Rocket carrying space station crew fails in mid-air, crew safe: Agencies

Cosmonaut Alexei Ovchinin and NASA astronaut Nick Hague at the pre-launch ceremony in Kazakhstan

Cosmonaut Alexei Ovchinin and NASA astronaut Nick Hague at the pre-launch ceremony in Kazakhstan

The US space agency Nasa said there was an "issue with the booster".

Agencies cited sources as saying that the crew was safe and was making an emergency landing in Kazakhstan where Thursday's unsuccessful launch took place.

Riding atop a Russian Soyuz rocket, the rookie NASA astronaut Nick Hague and Russian cosmonaut Alexey Ovchinin will launch from the Baikonur Cosmodrome in Kazakhstan at 4:40 a.m. EDT (0840 GMT; 2:40 p.m. Kazakhstan time).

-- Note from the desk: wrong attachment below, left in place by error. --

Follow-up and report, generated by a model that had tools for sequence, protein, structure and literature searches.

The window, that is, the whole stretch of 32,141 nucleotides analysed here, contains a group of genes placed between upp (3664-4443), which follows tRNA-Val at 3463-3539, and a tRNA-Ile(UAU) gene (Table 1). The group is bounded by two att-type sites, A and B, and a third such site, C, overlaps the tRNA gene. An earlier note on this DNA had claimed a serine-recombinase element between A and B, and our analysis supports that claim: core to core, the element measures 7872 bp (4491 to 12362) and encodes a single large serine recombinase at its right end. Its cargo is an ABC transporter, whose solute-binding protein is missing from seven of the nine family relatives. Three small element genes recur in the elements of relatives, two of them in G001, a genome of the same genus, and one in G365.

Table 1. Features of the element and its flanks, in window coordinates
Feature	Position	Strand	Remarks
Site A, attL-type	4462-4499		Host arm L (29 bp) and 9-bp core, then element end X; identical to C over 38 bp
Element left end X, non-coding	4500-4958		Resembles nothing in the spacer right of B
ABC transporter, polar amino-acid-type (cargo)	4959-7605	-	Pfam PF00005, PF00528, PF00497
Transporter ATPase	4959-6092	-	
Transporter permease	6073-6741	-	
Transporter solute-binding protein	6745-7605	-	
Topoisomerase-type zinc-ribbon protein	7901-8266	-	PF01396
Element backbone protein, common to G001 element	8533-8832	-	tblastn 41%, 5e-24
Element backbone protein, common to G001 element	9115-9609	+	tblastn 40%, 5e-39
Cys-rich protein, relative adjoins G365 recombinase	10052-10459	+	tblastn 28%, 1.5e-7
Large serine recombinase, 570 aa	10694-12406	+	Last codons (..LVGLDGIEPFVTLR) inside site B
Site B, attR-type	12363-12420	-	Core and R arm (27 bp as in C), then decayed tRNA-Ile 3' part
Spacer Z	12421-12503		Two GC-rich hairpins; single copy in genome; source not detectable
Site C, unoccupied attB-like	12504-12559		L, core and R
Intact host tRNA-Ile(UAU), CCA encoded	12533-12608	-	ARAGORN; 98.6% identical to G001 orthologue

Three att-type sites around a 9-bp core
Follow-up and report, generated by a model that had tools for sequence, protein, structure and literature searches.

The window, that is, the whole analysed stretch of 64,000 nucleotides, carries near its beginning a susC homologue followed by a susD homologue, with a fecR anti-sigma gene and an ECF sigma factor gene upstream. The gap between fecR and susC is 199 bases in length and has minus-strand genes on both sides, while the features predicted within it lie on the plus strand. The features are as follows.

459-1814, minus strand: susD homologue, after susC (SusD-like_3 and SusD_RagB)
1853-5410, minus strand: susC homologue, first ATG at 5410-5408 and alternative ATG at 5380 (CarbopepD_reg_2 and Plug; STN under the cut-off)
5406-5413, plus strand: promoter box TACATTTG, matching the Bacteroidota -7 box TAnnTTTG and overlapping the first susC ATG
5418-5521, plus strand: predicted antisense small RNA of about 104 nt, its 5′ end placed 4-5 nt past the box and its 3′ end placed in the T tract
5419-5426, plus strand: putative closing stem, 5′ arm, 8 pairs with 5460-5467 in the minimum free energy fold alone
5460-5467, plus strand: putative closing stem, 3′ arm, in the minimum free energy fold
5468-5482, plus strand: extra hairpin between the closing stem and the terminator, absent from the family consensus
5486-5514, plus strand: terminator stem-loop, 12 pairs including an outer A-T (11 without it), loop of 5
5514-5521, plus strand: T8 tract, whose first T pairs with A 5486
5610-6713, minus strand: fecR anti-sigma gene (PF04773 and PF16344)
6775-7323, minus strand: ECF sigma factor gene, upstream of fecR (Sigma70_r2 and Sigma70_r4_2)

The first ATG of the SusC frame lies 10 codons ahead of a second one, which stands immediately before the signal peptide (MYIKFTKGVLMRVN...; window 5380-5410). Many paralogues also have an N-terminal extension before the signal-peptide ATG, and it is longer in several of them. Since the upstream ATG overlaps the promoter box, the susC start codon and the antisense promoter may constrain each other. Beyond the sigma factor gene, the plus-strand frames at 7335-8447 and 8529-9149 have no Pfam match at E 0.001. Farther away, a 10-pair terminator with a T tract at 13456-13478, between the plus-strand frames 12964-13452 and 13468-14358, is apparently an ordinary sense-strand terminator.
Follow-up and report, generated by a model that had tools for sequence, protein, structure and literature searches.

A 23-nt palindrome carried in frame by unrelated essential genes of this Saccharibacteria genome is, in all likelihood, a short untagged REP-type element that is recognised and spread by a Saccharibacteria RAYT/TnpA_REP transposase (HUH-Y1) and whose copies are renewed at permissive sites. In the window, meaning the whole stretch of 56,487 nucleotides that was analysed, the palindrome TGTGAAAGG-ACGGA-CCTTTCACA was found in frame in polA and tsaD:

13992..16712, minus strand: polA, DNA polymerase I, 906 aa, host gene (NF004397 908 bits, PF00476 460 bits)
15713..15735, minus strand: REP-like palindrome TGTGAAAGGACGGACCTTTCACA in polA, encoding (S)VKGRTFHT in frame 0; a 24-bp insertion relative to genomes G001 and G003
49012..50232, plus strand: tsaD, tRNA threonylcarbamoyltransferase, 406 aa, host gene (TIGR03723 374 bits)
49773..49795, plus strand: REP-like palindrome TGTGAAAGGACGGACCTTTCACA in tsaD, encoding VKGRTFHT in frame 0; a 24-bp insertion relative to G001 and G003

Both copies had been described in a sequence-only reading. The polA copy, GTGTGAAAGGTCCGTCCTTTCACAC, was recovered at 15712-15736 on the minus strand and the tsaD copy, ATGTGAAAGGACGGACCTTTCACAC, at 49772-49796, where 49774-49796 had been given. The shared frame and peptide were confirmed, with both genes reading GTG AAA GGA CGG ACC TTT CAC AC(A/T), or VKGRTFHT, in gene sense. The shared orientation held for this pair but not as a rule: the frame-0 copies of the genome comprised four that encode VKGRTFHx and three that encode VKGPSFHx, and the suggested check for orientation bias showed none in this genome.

"The crew are in good condition and in contact". Their Soyuz MS-10 spacecraft will arrive at the space station after a quick, 6-hour or "fast track" rendezvous rather than the traditional, two-day route.

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Earlier NASA warned the Soyuz capsule was returning to Earth "via a ballistic descent, which is a sharper angle of landing compared to normal".

Canadian astronaut David Saint-Jacques, a back-up crew member, is part of the crew set for the next scheduled-Russian Soyuz launch in December. Search and rescue crews are getting ready to reach the expected landing site.

Roscosmos tweeted: "During the launch of the ship # SoyuzMS10, an abnormal situation occurred".

"Rescuers have already moved to the search and evacuation of Alexei Ovchinin and Nick Haig (sic)".

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